Breaking Down Barriers to Making Music (2015 NAMM Retail Summit)
Gayle Beacock of Beacock Music in Vancouver, Wash., and Myrna Sislen of Middle C Music in Washington, D.C., operate under a simple but powerful strategy: Break down the barriers that keep people from making music. This theme runs through everything from their lesson programs to the way they promote their stores. During the “NAMM Retail Summit,” NAMM President and CEO Joe Lamond interviewed these two powerhouse independent retailers about how they execute this day in and day out. (Beacock won NAMM Dealer of the Year in 2013, and in 2014, her company took home a Top 100 for Best Merchandising Display. Sislen won for Best Special Event.)
“In our store, every single day is an event and a promotion to enjoy, love and play music,” Beacock said. “That’s our bottom line. When we decide to do anything, we think of that first. And if it doesn’t fit that category, we scrap it and move on to something that does make folks play music.”
More highlights from the video:
PROMOTIONS THAT BREAK DOWN BARRIERS
Summer Workshops, Beacock Music: “We’ve done so many summer group classes and that sort of thing over the years,” Beacock said. “And I’ve noticed that over the years, it’s really changed. We’ve had fewer people taking the classes, and they kind of got a little stale. And [we] said, ‘OK, we’re going to do something different now. We are going to not have anything intimidating. We’re going to have classes that are free and open to anybody, that are short.’ I’ve really learned that lately people want shorter, more focused, interesting classes. We invite everyone to come and play, whether it’s ukulele, whether it’s songwriting, whether it’s recording, whether it’s singing, it’s playing, it’s pots and pans. And we do them really quickly in the summer, all summer long. And that has really enabled us to seriously get people just playing music.”
TV Commercials, Middle C Music: “I had a little contest with my staff to come up with songs that we could use for this commercial,” Sislen said of creating a TV commercial to promote her store. “And we did it. We made a commercial. The first one was last July. I found a very small station that we can afford.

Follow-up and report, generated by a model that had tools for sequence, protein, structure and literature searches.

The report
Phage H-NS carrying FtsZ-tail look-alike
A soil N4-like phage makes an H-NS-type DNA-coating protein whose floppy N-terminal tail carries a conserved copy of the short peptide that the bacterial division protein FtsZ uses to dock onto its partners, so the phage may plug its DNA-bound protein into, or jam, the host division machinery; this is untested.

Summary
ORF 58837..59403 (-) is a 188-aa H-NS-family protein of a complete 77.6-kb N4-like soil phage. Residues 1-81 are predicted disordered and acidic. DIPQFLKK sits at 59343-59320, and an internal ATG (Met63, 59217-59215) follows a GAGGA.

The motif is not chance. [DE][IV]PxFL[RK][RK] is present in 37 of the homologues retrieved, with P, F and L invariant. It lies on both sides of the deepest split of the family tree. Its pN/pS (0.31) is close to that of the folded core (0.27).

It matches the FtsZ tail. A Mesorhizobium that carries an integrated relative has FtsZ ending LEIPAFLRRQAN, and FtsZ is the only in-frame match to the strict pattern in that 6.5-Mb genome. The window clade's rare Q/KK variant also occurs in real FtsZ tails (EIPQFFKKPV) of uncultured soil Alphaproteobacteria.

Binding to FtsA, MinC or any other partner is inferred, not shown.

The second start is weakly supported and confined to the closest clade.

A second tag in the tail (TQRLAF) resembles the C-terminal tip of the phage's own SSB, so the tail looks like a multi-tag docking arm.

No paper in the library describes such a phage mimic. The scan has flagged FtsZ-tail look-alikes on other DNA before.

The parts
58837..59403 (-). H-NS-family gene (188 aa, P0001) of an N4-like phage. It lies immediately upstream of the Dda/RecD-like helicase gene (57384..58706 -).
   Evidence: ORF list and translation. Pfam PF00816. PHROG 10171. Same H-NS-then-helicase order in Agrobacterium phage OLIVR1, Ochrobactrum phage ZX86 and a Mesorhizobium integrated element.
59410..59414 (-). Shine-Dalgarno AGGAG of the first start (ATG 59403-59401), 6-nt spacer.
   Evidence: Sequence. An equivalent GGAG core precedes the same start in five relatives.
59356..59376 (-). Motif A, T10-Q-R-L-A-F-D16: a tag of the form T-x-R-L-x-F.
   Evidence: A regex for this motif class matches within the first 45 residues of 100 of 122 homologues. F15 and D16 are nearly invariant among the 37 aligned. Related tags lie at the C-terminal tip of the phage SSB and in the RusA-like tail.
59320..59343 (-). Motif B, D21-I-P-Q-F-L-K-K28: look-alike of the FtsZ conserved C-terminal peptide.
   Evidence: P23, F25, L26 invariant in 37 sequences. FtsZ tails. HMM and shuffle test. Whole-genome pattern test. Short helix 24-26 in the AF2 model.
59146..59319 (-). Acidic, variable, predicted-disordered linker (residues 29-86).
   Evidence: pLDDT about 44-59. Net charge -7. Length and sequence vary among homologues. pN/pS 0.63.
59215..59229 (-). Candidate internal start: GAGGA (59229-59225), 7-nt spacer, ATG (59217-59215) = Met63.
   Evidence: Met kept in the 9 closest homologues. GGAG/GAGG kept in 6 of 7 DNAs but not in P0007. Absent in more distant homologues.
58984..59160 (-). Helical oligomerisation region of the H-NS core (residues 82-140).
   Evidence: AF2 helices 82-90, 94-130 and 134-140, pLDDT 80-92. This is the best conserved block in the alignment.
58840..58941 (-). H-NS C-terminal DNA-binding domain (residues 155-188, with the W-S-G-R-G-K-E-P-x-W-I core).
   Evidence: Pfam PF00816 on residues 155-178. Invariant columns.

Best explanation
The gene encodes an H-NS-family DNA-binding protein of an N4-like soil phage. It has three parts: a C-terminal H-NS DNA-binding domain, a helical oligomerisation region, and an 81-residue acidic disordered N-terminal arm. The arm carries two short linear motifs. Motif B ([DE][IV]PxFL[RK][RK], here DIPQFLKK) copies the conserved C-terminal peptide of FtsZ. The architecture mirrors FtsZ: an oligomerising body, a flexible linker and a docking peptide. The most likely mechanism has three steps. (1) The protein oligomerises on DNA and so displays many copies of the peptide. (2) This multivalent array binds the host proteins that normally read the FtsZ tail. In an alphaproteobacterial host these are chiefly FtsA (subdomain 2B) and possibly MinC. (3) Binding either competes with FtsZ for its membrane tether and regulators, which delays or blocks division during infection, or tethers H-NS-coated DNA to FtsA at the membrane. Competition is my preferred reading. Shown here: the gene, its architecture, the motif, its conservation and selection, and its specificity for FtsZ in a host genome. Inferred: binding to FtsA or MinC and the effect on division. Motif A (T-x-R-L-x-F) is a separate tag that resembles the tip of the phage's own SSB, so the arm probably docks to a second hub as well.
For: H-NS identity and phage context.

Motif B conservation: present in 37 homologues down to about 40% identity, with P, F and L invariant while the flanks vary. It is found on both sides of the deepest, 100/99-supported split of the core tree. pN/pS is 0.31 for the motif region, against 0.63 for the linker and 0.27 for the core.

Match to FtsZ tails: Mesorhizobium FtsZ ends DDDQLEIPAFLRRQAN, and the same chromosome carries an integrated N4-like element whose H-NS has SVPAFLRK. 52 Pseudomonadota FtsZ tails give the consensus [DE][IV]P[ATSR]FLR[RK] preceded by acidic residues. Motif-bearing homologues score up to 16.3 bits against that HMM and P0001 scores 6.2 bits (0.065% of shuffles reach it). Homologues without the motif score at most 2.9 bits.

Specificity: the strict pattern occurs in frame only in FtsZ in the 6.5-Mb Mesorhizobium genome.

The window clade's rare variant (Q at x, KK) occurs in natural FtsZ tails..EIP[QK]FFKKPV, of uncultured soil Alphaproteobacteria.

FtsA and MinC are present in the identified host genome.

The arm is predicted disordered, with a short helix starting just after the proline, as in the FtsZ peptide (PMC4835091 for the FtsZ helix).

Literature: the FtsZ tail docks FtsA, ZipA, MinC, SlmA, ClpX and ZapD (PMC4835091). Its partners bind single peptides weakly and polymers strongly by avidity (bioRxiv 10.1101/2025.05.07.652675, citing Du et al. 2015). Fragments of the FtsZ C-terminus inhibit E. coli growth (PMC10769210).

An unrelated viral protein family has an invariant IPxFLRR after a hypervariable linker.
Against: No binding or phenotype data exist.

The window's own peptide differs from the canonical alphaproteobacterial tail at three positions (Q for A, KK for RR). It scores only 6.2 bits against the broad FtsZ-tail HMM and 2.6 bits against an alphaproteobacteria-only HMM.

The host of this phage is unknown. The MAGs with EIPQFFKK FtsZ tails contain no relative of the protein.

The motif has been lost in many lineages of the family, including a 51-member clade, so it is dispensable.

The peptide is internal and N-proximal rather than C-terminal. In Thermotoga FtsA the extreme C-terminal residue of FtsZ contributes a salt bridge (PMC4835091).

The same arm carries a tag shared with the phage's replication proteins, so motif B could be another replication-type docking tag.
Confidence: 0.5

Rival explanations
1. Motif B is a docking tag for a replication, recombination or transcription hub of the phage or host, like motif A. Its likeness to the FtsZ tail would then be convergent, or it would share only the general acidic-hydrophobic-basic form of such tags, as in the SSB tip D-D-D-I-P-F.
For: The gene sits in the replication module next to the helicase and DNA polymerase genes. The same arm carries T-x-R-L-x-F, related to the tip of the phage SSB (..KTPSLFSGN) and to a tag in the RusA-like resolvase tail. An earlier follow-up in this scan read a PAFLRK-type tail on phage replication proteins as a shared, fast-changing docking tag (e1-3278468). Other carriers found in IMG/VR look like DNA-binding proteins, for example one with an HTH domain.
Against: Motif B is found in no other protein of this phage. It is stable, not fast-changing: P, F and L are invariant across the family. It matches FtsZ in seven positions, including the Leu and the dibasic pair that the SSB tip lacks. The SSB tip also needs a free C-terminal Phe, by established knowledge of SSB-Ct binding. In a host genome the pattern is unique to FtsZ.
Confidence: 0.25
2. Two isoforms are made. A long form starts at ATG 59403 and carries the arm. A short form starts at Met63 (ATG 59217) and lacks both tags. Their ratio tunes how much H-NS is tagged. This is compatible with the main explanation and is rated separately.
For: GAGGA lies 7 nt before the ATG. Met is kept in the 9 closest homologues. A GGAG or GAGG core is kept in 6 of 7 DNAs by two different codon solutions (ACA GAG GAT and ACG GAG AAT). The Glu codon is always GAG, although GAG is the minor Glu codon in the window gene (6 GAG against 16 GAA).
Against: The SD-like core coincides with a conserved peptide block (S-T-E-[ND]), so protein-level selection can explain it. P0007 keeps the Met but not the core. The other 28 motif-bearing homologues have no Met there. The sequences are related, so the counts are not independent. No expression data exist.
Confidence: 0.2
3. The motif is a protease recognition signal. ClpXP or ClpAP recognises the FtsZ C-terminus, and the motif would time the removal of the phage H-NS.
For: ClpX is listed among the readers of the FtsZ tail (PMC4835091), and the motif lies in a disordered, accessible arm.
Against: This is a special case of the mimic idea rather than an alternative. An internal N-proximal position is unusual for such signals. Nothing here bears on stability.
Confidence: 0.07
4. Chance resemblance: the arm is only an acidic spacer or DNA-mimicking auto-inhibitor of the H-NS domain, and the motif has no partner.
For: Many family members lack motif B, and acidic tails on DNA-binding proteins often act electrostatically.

“We put it on, and all of sudden, people were calling and saying, ‘This is the best commercial I’ve ever watched. This is the only one I don’t turn off. This is the only station I can watch with my kids.’
“Mine cost nothing because I did it in-house. I’m using everyone that is in the store. And the unintended consequence of this—in addition to bringing in people every day who say, ‘I saw your commercial, I’m coming into the store’—is the galvanizing of the staff. Everyone is so excited to be participating in this. It was a surprise, and a wonderful surprise that everyone is so energized.”
RETAIL EXPERIENCES THAT BREAK DOWN BARRIERS
“When we’re talking about the physical store, every single day is slightly different,” Beacock said. “Every single day is an event. It starts in the parking lot. We have things outside. We have inspirational music chalkboards outside. We have water for the dogs in the summer and displays outside when they walk in. And we’ve got coffee going. We’ve got kids playing. We have a beautiful visual store. It is spotless clean every single day.
“Our experience is who we are. There are so many wonderful products in the world that we can purchase. To some extent, that’s all transparent. And pricing is transparent. Everything’s transparent now. So what makes us different is all the things that make us us.
“We really do things our own way, in our own time and oftentimes against the trends. And that has really worked for us.”
Sislen added: “What I wanted to create from the very first day was a place where people feel safe, where they feel nurtured, where they feel comfortable. When someone comes into my store—and I’m very, very fortunate that it happens frequently—they say, ‘I really feel like I can relax in here. I feel so good.’ And I go, ‘Yes!’ That’s what I’m about. It’s never for me been about selling. It’s about making people fall in love, then they will buy stuff.
“It’s really about feeling safe and feeling comfortable. It’s been 13 years, and I think that I’ve done that. And it has been because it’s non-traditional. The spaces are non-traditional. Everything is very low-key. And it seems to be working. I’m now multimillion-dollar.”
ADVOCACY THAT BREAKS DOWN BARRIERS
Sislen shared why she participates in the annual NAMM Fly-in to advocate for music education in Washington, D.C.: “It’s an education. Even though I live in Washington, it wasn’t until I started walking those halls and talking to the congresspeople and the senators that I learned how the process works—or doesn’t work, as it may be. And I think to go even further, for us as individuals, you are interacting not only with the politicians but you’re interacting with really the leaders and the smartest people in this industry. And that is so special, I think.”